3.4. Stress by Short- and Long-Chain Fatty Acids

Intestinal short-chain fatty acids (2–6 carbons in length) are mostly produced by microorganisms acting on carbohydrates and polyphenols, and these compounds have significant effects in terms of reducing optimal bacterial fitness. Bacillota are mainly butyrate producers, whereas Bacteroidetes excrete acetate and propionate [37][38]. Although these effects are in part due to the reduction in pH (previously treated), they also have a pH-independent antibacterial mode of action. The long-chain fatty acids (12–20 carbons in length) present in the intestinal lumen originate from the host cells, the microbiota, and from dietary sources. The most abundant of these are unsaturated fatty acids, such as oleic and linoleic acids, and saturated fatty acids, such as stearic or palmitic acid. Free fatty acids are bound and further enzymatically released from other compounds, such as glycerol, sugars, or phosphate headgroups, to form lipids [39]. Their lipophilic nature allows them to invade and damage microbial membranes, ultimately leading to a lethal effect, particularly in Bacillota. Gram-negative bacteria such as Enterobacterales are protected in part due to their lipopolysaccharide layer in the outer membrane. However, Enterobacterales might be able to sense extracellular long-chain fatty acids by using a 2-component system that influences gene regulation. Consequently, general metabolism, type 3 secretion systems, or the gene network involved in motility, fimbriae synthesis, and biofilm formation, can be modified, influencing global bacterial fitness [40]. Such effects on gene expression are in part linked to the fact that fatty acids might mimic diffusible signal factors [41].

3.5. Stress by Dietary Compounds

Food–microbiota interaction is one of the cornerstones of intestinal physiology [42]. Among the roles of the microbiota in the assimilation of nutrients by herbivore animals is to degrade complex vegetal molecules (such as cellulose) by symbiotic cellulolytic bacteria, release oligosaccharides, and produce absorbable short-chain fatty acids, ensuring animal nutrition. To a minor degree, intestinal bacteria in humans (such as Enterococcus, frequent in the elderly) contribute to the degradation of complex polysaccharides [43]. However, food–microbiota interactions can result in a challenge for bacterial populations. Some of these causes of stress are examined below.

3.5.1. Stress by Polyphenols

Polyphenols, complex natural molecules containing one or more hydroxylated aromatic rings, are a widely and highly distributed group of diverse natural products (probably over 10,000) found in dietary products such as fruit, vegetables, nuts, seeds, red wine, beer, olive oil, honey, coffee, and tea. Polyphenols, for instance flavonoids and tannins, have been shown to exert antibacterial effects, both in Bacillota species, such as Staphylococcus aureus, and in gamma-Proteobacteria, such as E. coli, Klebsiella pneumoniae, Acinetobacter, and Pseudomonas [44]. In addition, many of them have synergistic activity with antimicrobial agents [45][46]. The antibacterial mode of action of flavonoids appears to involve the perforation and destructuration of the bacterial cytoplasmic membrane, alteration of bacterial transporters, DNA topoisomerase inhibition, and reduction of bacterial energy metabolism by inhibition of nicotinamide adenine dinucleotide hydrogen reductase, all of which are various mechanisms that result in the formation of lethal reactive oxygen species [47][48][49][50]. Bacterial resistance to polyphenols is a poorly explored field of research; however, microorganisms can produce degraded polyphenols, activating glycosidases and esterases, isomerases, and hydrolases, giving rise to simple aromatic metabolites [49]. To which extent these activities are induced by polyphenol stress remains poorly understood.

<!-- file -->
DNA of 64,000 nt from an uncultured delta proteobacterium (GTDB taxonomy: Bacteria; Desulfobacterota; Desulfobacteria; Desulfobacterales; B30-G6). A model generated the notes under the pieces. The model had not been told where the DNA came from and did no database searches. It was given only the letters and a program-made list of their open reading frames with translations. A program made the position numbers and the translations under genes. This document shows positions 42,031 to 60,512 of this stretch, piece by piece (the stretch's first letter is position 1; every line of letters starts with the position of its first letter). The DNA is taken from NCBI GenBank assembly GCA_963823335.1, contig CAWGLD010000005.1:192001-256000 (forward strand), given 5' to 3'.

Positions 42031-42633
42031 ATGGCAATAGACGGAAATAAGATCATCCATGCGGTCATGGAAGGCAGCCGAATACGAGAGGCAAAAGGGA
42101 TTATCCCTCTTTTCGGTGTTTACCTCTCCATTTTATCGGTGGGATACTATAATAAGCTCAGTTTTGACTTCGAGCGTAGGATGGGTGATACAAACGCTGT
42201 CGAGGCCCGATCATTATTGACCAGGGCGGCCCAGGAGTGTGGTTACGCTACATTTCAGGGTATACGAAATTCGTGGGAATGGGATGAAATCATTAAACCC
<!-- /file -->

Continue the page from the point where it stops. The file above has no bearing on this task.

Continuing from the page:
3.5.2. Stress by Polyamines

Decarboxylation by intestinal microorganisms (mostly anaerobes, such as Bacteroides or Fusobacterium) of aromatic or polycationic amino acids results in polyaminated molecules, biogenic amines, and polyamines. Polyamines include compounds with two amino groups, such as putrescine (1,4-diaminobutane) or cadaverine (1,5-diaminopentane), but also molecules with three or four amino groups, such as spermidine [N-(3-aminopropyl)butane-1,4-diamine] and spermine [N,N′-bis(3-aminopropyl)butane-1,4-diamine], respectively. Bacteria have transport systems allowing uptake of extracellular polyamines, including the polyamine ABC transporter genes, generally organized as four-gene operons, as in the cases of potABCD (spermidine uptake) and potFGHI (putrescine uptake). These compounds have long been known as antibacterials [51], acting on Bacillota species and on those of the family Enterobacteriaceae. They alter bacterial membrane permeability and porin function, they possibly interact with nucleic acids, and these effects are likely highly concentration-dependent. In any case, they have been considered to constitute possible scaffolds for novel antimicrobials or antibiotic enhancers [52][53]. Possible mechanisms of resistance to polyamines involve mutations in these genes or downregulation of operon transcription. However, polyamines might also provide benefits for the bacteria, providing, e.g., resistance to acidity or protection against oxidative stress [54].

3.5.3. Nitric Oxide Stress, Osmolar Stress